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NAHBRC - National Association of Home Builders Research Center

 

 

Introduction

As in Phase I, the specimen walls for this series of tests were built and supplied by the National Association of Home Builders Research Center (NAHBRC). All test walls for this phase measured 96-in. x 96-in. Some of the wall assemblies (test samples) were damaged during shipment to Oak Ridge National Laboratory (ORNL), necessitating a visit to the Buildings Technology Center (BTC) by NAHBRC personnel to evaluate the damage and to make the necessary repairs. The biggest concern with the damage was the collapsing of the slits in the slotted studs, thereby reducing the effectiveness of the conduction break in the path across the stud flange. Care was taken to assure that all slits were opened to their original spacing. After repair, the walls nonetheless retained some minor cosmetic damage consisting primarily of dimples and dents. NAHBRC and BTC personnel concluded that these cosmetic blemishes would have negligible affect on the thermal performance of the framing.

The initial test plan for this phase called for a total of five walls to be tested in ten different configurations. However, two additional walls were added toward the completion of testing. The test configurations consisted of nominal 2x4 cold-formed steel-framed wall assemblies and nominal 2x4 slotted-stud walls, with the common characteristics of 0.5-in. thick gypsum board on the warm side, 0.5-in. thick oriented strand board (OSB) on the cold side, and full-width R-13 craft-faced fiberglass batt insulation in the cavities. Wall 2 was an exception and utilized a 1-1/2-in x 1-1/2-in x 20 gauge galvanized steel strap placed horizontally across the studs and 1-in Tuff-R polyisocyanurate insulation in place of the 1/2-in OSB on the exterior side. Wall 6 also varied from the other walls in that the OSB was replaced with 20 gauge galvanized steel sheet and the cavity insulation was unfaced R-15 batts.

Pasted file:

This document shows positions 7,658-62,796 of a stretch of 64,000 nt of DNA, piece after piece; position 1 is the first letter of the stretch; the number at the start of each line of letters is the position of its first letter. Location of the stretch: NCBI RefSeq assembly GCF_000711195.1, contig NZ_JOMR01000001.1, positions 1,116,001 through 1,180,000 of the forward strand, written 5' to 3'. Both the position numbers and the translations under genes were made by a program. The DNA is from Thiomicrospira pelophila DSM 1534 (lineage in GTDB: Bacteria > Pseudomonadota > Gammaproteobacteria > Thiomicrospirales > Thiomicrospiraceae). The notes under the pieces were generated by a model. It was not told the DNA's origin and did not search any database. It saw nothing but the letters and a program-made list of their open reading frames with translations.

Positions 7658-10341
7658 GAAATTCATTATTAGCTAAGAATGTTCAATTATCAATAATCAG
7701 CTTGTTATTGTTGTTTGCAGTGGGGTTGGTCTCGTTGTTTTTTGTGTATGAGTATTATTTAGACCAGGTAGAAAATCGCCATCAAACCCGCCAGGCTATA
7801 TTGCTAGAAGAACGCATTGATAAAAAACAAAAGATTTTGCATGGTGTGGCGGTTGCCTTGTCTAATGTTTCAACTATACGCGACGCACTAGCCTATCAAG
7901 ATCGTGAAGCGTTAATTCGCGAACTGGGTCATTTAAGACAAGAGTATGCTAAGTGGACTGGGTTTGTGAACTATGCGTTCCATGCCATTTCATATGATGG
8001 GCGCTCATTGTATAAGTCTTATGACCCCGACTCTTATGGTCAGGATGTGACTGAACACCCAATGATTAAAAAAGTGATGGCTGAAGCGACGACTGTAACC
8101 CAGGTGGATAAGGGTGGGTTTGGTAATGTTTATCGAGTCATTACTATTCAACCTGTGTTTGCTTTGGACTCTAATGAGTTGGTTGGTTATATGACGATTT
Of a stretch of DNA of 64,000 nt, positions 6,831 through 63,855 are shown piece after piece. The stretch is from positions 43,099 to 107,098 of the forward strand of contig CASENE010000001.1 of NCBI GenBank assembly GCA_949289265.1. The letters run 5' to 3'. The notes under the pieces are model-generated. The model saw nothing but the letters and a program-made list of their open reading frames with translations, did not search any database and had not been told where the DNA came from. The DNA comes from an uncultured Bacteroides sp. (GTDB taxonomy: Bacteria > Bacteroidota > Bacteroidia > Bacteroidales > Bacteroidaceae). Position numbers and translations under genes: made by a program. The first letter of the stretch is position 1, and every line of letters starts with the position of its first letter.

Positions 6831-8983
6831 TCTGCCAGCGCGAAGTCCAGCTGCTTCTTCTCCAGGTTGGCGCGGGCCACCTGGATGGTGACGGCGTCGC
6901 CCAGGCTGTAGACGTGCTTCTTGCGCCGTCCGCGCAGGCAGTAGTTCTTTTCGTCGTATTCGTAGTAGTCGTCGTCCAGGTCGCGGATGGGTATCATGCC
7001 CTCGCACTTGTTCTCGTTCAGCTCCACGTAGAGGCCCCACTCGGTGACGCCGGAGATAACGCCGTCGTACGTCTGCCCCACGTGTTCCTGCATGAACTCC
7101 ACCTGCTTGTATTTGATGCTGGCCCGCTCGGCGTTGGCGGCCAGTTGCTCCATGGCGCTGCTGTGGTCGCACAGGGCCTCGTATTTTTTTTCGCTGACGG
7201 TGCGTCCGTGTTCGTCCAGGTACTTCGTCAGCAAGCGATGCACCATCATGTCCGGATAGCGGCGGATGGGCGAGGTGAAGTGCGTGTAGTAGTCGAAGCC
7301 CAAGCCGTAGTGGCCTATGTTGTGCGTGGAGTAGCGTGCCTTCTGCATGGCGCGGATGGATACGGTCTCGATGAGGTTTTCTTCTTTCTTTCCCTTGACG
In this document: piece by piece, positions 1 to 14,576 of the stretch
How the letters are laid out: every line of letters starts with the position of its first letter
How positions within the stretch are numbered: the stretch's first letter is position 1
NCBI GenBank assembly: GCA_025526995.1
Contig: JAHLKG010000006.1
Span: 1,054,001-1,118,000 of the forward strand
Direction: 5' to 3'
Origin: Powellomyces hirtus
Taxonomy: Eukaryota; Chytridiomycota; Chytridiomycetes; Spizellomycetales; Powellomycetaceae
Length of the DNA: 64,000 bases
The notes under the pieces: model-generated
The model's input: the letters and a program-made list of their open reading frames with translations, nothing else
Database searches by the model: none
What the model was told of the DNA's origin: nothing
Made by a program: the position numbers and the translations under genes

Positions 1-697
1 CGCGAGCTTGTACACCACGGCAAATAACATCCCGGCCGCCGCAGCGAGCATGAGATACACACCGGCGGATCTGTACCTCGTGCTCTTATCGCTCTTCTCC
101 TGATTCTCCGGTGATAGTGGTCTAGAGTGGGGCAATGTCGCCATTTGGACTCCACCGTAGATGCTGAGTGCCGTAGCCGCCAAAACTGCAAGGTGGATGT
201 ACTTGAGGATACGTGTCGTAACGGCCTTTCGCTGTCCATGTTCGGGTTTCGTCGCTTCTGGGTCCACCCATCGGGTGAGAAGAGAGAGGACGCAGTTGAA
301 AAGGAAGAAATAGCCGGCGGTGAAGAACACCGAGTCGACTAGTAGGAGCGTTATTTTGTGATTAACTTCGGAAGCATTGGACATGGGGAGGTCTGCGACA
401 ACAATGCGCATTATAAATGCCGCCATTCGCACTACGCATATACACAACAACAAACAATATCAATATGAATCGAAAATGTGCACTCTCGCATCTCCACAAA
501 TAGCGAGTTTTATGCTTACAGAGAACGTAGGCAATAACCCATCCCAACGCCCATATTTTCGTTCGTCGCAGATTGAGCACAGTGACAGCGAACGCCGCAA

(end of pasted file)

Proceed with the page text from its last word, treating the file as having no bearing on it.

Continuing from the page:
Variations of the base walls tested included modified track/stud combinations and application of foam sheathing on the exterior OSB wall surface. Walls 2 through 4 and 6 through 7 utilized a split track design which consisted of removing a portion of the center track web to within 1-in of each bend. The missing center portion provided a thermal break in the conduction path of the track. The top track for wall 5 used a modification of the split track design. This modification was applied to the top track only and consisted of a split track mounted to a nominal 2x4 wood stud. The bottom track was identical to the split tracks used in walls 2-4. The 2x4 used in this wall was part of the metered area, causing the metal studs to be 1-1/2-in shorter than the studs in the other walls. Wall 3, used in tests 6 and 7, was fabricated from solid web studs.

 
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